The recent uproar about seats on a British Airways flight crawling with bedbugs is only one of the unintended consequences that urbanization worldwide has on evolution, say Marc Johnson, an associate professor of biology at the University of Toronto Mississauga, and Jason Munshi-South, who is an associate professor of biological sciences at Fordham University.
"As we build cities, we have little understanding of how they are influencing organisms that live there," says Johnson, who is also director of the University of Toronto's Centre for Urban Environments (@CUE_UofT). "It's good news that some organisms are able to adapt, such as native species that have important ecological functions in the environment. But it can also be bad news that the ability of some of these organisms to adapt to our cities might increase the transmission of disease. Bedbugs, for example, were scarce two decades ago, but they've adapted to the insecticides used to keep them at bay and have exploded in abundance worldwide."
In the first study to take a comprehensive look at the way urbanization is affecting evolution, Johnson and Munshi-South reviewed all existing research studies about urbanization and evolution and synthesized the results.
"Traditionally, we've thought about evolution as a long-term process driven by environmental pressures and the interactions between species. But now there is a new driver that is rapidly changing many other species, which is how they interact with humans and our built environment", says Munshi-South. "Humans and our cities are one of the most dominant forces of contemporary evolution now."
The study raises questions about which native species can persist during urbanization and whether those that adapt will influence the health of ecosystems and human beings. Loss of habitat and urban barriers (roads, buildings, etc.) pose challenges to all kinds of species and some may adapt in undesirable ways. The researchers assessed various means of genetic adaptation, such as mutation, the movement of genes through dispersal, neutral evolution and adaptive evolution through Darwinian natural selection, concluding that the urban environment has an impact on each of these mechanisms of evolution.
Their work touches on mammals, plants, birds, amphibians, reptiles, insects and viruses, identifying evolutionary impacts on species as diverse as the common blackbird in Europe to white clovers and white-footed mice in North America. Populations of white-footed mice in New York City, for example, became differentiated from each other after urbanization, due to their isolation in various parks.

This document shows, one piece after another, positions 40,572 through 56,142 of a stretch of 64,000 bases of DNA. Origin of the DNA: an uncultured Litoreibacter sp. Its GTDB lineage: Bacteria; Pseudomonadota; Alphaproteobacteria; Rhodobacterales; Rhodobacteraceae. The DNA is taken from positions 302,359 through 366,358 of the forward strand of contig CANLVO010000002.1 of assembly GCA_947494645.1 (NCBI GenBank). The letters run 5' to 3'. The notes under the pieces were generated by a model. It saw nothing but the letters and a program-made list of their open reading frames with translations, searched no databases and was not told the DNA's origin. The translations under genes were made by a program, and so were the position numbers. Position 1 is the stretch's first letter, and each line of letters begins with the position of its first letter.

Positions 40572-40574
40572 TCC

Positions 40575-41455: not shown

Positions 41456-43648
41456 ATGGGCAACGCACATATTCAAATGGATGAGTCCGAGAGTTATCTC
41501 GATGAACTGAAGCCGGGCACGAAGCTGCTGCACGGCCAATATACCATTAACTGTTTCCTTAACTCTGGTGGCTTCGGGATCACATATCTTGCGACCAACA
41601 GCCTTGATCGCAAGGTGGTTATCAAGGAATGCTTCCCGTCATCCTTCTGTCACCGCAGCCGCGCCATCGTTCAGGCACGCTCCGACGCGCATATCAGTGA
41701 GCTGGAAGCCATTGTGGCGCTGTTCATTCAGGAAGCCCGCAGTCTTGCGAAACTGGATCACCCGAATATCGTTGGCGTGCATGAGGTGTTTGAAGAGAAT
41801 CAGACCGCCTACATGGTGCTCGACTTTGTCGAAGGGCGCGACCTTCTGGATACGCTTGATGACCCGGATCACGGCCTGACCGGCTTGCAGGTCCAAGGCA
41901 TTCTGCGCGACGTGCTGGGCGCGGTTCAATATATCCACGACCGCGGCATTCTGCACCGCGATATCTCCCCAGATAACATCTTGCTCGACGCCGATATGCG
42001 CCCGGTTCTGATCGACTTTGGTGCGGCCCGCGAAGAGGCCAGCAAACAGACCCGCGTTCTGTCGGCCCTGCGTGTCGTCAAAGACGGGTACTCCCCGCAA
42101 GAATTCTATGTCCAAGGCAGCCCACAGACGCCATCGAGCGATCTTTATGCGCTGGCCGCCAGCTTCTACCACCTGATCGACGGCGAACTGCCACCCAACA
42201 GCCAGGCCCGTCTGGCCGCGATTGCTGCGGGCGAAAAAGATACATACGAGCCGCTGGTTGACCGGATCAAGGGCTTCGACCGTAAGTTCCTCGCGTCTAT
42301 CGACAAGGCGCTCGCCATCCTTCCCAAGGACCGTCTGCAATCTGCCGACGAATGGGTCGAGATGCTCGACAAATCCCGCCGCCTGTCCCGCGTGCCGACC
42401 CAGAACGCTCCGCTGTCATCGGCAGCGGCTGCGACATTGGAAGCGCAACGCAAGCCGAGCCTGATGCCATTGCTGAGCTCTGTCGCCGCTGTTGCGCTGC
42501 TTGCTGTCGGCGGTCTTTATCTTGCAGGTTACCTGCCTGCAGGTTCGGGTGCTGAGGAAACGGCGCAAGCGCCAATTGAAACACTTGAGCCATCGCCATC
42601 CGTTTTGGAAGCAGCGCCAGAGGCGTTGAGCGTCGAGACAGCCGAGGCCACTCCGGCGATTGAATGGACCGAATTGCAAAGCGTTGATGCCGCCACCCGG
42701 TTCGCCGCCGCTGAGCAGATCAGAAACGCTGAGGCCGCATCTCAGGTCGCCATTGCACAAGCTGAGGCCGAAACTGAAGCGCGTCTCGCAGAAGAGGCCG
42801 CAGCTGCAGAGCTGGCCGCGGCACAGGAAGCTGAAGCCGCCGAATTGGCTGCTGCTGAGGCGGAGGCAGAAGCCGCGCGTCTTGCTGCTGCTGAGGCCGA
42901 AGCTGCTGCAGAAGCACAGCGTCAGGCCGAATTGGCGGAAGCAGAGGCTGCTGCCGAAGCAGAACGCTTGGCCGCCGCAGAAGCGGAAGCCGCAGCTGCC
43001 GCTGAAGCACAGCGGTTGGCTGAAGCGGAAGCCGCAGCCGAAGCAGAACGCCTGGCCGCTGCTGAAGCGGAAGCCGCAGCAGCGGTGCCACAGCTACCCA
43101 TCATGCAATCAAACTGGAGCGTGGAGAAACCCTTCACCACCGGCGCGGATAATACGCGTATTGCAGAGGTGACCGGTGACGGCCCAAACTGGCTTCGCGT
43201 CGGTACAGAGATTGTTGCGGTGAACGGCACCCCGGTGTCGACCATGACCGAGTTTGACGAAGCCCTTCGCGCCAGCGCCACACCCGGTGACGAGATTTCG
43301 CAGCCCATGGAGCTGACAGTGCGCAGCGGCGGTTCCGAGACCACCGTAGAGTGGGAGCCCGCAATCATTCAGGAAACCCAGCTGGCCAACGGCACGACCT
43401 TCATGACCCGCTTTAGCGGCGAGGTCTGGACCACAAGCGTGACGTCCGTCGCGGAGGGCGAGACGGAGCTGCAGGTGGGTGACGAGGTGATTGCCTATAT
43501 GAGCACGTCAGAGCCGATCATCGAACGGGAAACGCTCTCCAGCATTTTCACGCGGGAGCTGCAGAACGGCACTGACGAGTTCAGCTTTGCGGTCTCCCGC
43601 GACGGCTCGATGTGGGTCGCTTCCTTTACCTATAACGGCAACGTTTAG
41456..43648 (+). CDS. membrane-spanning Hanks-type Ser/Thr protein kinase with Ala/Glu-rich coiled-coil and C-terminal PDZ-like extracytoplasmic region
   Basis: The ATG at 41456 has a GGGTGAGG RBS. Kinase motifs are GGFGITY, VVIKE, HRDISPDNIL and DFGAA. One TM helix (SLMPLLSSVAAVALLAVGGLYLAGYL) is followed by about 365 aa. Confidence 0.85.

"We've created a novel ecosystem that no organism has ever seen before," said Johnson, noting that their study, published Nov. 3 in the journal, Science, is a "wake-up call for the public, governments and other scientists."
He and Munshi-South suggest that we need to think carefully about how we're altering our environment in unintended ways when we build cities, influencing the evolution of species that may, in turn, influence our lives. A number of organisms, such as rats, urban lizards, cockroaches, pigeons and bedbugs, have evolved to depend on humans.
There are now mosquitoes, for example, that have evolved to live in the London Underground stations and adapted so that they no longer need to feed on blood to produce eggs. They also have no need to become dormant during the winter. Unfortunately, these mosquitoes can carry a number of diseases and are now found in New York City, Chicago and Los Angeles, too. Our healthcare systems may be required to adapt in response.
Johnson and Munshi-South suggest that when we're planning cities, we need to think about the impact our designs have on native species and whether we can design them to "be kinder to ourselves and the environment," considering ways to conserve native species and mitigate the prevalence of disease-carrying pests.
Given that species are evolving so rapidly in response to urbanization, the outdoors also becomes a classroom that offers an opportunity to see examples of evolution firsthand. Urban evolution can be used as a tool to educate city dwellers and others about the reality and importance of evolutionary biology.
"People who don't believe in evolution need not go further than their backyards to see evidence of it," Johnson said.
Director of Communications, Fordham University
Associate Director, Communications, UTM
About the University of Toronto Mississauga
Founded in 1967 and celebrating its 50th anniversary this year, the University of Toronto Mississauga (UTM) is one of three campuses of the University of Toronto - Canada's largest and most prestigious research-intensive university. U of T Mississauga offers highly sought-after degree options, transformative research and strong ties to its local community. The 225-acre campus is located along the Credit River in the heart of Mississauga - Canada's sixth largest city and part of the Greater Toronto Area. Home to approximately 15,000 undergraduate and graduate students, and over 1,000 faculty and staff, the campus has 17 academic departments, and offers 156 programs in 92 areas of study.
About Fordham University
Founded in 1841, Fordham is the Jesuit University of New York, offering exceptional education distinguished by the Jesuit tradition across nine schools. Fordham awards baccalaureate, graduate, and professional degrees to approximately 15,000 students from Fordham College at Rose Hill, Fordham College at Lincoln Center, the Gabelli School of Business (undergraduate and graduate), the School of Professional and Continuing Studies, the Graduate Schools of Arts and Sciences, Education, Religion and Religious Education, and Social Service, and the School of Law. The University has residential campuses in the Bronx and Manhattan, a campus in West Harrison, N.Y., the Louis Calder Center Biological Field Station in Armonk, N.Y., and the London Centre in the United Kingdom.